The sport of bodybuilding is essentially a contest to see who gan build the biggest muscles. And at a rough estimate, more than 90% of bodybuilders I've spoken to follow a split routine. This is a pretty heavy dose of anecdotal evidence, and worth considering. A few thoughts worth keeping in mind:

  • Correlation does not equal causation.

  • There may be a substantial role played by pharmacological aids.

  • Many modern body part splits actually target individual muscles multiple times per week.

What's That Mean for Me?

The research I read is compelling, but not definitive. Still, anecdotal evidence continues to come in on the side of the full body training plan. Pat Davidson's MASS and MASS 2 are both full body plans, and every coach I've worked with in the past few years has written a variation of a full body training plan for me as their best bet to help me put on a few more pounds of muscle. And with more than twenty years of training experience under my belt, I've seen better results in terms of both strength and size with some of these plans than anything I've done in years. Having said all of that, I see three potential paths for you to take:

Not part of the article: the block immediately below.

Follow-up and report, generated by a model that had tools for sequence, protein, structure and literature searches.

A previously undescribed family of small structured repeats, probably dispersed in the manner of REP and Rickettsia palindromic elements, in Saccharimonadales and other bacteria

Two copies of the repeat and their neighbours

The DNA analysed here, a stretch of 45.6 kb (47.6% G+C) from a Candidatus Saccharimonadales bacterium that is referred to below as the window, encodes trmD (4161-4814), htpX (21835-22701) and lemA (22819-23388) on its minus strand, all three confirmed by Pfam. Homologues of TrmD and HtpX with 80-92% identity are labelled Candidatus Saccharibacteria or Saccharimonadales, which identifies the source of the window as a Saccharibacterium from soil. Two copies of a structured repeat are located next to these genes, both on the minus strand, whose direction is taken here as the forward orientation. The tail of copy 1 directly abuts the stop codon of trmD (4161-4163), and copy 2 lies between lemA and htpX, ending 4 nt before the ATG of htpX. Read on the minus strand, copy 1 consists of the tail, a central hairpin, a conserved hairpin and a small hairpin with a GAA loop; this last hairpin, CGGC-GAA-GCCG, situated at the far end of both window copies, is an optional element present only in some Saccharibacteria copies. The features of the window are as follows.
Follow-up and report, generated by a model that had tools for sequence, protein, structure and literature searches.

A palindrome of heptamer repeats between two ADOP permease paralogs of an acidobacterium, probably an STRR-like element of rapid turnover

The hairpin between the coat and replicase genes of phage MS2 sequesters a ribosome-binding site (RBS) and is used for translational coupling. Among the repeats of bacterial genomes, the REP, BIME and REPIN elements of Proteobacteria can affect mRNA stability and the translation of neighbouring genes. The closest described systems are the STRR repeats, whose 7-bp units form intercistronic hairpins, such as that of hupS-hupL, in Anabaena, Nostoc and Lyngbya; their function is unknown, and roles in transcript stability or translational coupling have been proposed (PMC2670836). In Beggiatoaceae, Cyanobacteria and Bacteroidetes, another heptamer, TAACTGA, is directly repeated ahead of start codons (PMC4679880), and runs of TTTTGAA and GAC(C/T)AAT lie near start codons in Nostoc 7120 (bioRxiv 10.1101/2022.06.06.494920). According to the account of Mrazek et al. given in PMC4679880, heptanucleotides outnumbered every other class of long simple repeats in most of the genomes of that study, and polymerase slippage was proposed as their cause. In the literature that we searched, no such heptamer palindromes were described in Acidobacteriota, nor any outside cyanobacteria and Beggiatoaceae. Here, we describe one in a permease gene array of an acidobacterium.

• If you're currently seeing tremendous progress on a body part split, stay the course.

  • If you're brand new to lifting weights, find something you like and work hard at it. You'll grow regardless provided the effort is there.

  • If you haven't given full body training a chance, and if you feel like you could be making better progress—or if you just want to play lab rat and see what happens—give it a go.

And for anyone looking for any help or direction with either approach, I'd love to hear from you and see if I can be of service.